Thursday, November 25, 2010

on Yin Xiuzhen

Stephanie Hsu
Contemporary Art and New Media in China
Blog Post #7

Yin Xiuzhen
I first became introduced to Yin Xiuzhen at the Projects space of the
MoMA in New York City last spring, where her sculptural installation
Collective Subconscious was being exhibited. Collective Subconscious
was composed of a bisected minivan that was connected to a long steel
tube covered with a colorful patchwork made of discarded garments. I
recall the small line of visitors waiting to enter the minivan and
enjoy the snug, relaxing environment inside, where they would be able
to sit on low stools and listen to the nostalgic Chinese pop song,
"Beijing, Beijing" playing softly. As Yin Xiuzhen was the first
Chinese contemporary artist I had encountered at the MoMA, I
immediately attempted to view her work in a Chinese context. I
wondered about the connection between the artist's personal experience
in China and the installation's transformation of public space into
one of intimacy and refuge.
Through Collective Subconscious, Yin Xiuzhen explores the impact of
globalization, international travel, and communication technologies on
family, home, and local culture. The 38-foot-long work revisits the
xiao mian-style minivan that came to be a symbol of family prosperity
in China in the late 1990s, reflecting on the newfound luxury of
automobile ownership that many Chinese families began to enjoy during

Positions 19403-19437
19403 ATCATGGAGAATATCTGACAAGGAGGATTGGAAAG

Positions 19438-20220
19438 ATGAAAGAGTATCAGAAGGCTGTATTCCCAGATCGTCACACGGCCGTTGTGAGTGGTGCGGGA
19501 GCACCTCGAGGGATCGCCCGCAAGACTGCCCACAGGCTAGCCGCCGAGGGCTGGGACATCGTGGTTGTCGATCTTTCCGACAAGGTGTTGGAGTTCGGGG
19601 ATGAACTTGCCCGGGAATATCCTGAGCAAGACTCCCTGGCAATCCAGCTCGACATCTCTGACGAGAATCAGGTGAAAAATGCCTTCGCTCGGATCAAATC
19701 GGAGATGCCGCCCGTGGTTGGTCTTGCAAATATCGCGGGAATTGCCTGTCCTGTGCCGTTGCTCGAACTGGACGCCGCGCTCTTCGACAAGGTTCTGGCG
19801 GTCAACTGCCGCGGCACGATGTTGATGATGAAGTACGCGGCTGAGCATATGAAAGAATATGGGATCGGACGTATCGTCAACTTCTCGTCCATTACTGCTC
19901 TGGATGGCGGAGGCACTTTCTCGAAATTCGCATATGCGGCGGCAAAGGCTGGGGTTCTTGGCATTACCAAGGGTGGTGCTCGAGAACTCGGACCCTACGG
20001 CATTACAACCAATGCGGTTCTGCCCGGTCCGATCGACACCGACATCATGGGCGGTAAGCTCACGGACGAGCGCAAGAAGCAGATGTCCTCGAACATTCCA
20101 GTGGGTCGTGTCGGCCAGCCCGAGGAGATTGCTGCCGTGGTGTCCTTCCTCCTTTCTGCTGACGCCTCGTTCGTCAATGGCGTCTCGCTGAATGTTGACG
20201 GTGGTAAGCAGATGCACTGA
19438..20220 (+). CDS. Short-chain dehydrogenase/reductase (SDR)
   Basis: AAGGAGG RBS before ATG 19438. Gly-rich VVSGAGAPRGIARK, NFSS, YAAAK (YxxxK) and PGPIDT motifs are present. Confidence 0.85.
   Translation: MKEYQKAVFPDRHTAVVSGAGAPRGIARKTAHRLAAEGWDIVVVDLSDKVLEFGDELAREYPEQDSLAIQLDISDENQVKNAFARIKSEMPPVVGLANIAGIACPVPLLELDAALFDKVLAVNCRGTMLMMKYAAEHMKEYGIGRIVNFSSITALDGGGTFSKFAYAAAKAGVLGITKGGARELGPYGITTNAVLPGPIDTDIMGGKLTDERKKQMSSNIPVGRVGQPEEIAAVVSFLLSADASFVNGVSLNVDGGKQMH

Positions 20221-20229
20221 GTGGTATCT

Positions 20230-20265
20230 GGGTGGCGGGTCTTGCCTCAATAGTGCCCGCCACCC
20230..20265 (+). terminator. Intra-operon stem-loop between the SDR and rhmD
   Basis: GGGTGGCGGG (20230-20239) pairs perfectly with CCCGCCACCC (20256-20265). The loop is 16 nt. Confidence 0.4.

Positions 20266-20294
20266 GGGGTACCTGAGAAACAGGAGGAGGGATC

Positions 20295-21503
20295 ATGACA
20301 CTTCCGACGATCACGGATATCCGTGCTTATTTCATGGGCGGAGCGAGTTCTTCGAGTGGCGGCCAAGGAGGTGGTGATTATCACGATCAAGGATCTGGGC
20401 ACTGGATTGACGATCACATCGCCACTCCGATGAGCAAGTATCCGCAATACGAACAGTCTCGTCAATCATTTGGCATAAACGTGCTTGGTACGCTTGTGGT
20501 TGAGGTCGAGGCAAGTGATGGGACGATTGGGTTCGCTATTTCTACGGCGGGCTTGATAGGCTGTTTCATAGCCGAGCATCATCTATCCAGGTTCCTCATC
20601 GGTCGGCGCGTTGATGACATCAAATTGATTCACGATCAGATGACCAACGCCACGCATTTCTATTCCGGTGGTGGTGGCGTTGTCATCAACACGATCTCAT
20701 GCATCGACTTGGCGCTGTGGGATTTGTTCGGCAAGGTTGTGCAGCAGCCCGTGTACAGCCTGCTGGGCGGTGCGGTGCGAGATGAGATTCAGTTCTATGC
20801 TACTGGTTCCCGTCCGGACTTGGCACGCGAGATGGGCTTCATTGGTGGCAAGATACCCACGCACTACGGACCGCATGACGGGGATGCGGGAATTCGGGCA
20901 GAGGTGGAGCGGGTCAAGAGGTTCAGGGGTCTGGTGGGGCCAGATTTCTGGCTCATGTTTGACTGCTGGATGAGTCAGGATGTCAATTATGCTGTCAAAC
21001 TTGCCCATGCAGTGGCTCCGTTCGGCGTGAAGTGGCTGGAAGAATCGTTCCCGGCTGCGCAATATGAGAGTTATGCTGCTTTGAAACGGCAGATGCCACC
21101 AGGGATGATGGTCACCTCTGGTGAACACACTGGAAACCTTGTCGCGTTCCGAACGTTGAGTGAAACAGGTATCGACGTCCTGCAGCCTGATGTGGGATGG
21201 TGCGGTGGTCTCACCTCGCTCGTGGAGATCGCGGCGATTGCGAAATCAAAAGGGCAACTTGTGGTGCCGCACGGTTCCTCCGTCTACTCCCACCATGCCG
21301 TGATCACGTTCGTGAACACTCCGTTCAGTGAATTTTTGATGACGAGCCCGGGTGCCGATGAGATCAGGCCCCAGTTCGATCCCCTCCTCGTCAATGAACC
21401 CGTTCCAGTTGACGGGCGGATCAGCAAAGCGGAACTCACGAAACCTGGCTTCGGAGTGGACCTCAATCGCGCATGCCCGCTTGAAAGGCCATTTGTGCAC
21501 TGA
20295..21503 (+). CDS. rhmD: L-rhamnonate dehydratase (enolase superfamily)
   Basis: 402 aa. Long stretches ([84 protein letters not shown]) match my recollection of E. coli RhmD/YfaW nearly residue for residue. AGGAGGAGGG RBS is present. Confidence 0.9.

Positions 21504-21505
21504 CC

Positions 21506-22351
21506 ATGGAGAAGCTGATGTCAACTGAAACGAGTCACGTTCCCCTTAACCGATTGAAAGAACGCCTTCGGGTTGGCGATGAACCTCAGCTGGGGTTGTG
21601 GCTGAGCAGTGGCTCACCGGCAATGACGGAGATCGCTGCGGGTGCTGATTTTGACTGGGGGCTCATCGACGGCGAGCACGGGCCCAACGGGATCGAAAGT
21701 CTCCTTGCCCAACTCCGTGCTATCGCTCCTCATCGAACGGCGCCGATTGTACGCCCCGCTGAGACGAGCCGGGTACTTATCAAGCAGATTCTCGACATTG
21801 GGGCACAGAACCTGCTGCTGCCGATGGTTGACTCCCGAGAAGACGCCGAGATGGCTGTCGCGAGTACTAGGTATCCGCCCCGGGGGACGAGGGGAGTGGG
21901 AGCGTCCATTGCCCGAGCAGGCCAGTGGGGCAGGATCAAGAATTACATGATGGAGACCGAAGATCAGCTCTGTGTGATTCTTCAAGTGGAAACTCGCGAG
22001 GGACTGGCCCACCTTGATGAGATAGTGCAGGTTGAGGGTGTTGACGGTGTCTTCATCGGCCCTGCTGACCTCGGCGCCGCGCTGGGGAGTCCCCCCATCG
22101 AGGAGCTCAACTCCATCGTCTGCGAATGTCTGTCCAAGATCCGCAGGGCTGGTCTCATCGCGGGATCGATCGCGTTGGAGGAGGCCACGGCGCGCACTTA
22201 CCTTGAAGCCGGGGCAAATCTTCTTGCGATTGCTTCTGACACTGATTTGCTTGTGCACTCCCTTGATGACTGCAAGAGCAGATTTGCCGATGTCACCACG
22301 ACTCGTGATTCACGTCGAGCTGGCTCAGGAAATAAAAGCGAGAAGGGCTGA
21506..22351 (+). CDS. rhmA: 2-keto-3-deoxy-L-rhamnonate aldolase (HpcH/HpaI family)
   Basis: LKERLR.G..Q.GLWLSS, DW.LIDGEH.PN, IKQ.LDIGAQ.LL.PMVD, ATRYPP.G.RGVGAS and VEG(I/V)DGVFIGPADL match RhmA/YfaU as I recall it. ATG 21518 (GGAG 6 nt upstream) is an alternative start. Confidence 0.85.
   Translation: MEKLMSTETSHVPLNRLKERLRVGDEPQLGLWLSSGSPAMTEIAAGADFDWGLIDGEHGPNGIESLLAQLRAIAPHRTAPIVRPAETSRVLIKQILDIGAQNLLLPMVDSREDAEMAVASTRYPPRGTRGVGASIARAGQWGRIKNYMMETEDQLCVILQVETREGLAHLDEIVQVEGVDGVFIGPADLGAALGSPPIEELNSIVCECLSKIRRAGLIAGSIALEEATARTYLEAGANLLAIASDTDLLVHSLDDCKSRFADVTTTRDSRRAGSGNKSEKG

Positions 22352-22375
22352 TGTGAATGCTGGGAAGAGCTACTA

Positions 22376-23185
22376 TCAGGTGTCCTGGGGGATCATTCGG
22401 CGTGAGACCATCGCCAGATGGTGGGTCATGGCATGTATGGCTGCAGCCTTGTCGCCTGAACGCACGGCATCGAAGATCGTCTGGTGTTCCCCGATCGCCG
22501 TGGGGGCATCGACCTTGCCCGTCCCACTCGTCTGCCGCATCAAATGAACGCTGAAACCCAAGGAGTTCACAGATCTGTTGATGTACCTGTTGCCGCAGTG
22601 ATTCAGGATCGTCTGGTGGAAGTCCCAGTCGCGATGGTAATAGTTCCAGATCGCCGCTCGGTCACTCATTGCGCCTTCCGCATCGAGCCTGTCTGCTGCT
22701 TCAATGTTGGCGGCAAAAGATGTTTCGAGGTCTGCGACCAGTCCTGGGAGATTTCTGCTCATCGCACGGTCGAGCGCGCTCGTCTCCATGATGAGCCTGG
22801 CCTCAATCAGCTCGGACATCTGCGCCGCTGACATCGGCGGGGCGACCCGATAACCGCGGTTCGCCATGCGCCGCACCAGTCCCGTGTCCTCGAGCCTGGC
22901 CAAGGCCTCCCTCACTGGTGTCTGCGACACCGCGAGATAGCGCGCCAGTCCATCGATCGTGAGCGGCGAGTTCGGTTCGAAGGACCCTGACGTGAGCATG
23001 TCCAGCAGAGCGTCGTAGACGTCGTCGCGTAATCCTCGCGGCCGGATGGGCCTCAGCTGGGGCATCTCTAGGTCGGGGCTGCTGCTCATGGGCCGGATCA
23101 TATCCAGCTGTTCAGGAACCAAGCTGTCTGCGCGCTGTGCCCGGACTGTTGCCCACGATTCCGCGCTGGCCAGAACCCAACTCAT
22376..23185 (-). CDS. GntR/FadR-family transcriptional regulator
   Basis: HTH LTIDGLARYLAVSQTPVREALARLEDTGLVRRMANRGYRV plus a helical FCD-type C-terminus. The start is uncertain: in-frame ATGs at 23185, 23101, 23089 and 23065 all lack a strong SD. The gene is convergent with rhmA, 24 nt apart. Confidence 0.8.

the boom in China's economic growth. The patchwork of worn clothing
connecting the two ends of the bisected minivan both evokes a sense of
reminiscence for old daily familiarities and critiques the
"fabricated" material comfort of the new Chinese modern lifestyle.
Like Collective Subconscious, many of Yin Xiuzhen's works deal with
communal memory, nostalgia, and cultural identity. Having grown up in
Beijing during the Cultural Revolution, Yin Xiuzhen has witnessed the
changing dynamics between collectivism and individualism in China
throughout her life. Yin Xiuzhen herself experienced the liberating
impact of China's reform and opening-up period, as she quickly
abandoned traditional oil painting after studying at Beijing's Capital
Normal University to pursue avant-garde installation art. Over the
past 20 years, Yin Xiuzhen has become a leading contemporary artist in
China and a pioneering female influence in the male-dominated Chinese
contemporary art scene. Her work has been shown at international
exhibitions, including the São Paulo Biennial (2004), the Biennale of
Sydney (2004), the Chinese pavilion at the Venice Biennale (2007), and
the Shanghai Biennale (2008).

Works Cited:
"How Latitudes Become Forms: Yin Xiuzhen." Walker Art Center. 16 Nov. 2010
"Yin Xiuzhen." Art in America. 16 Nov. 2010
"Yin Xiuzhen." 16 Nov. 2010 <

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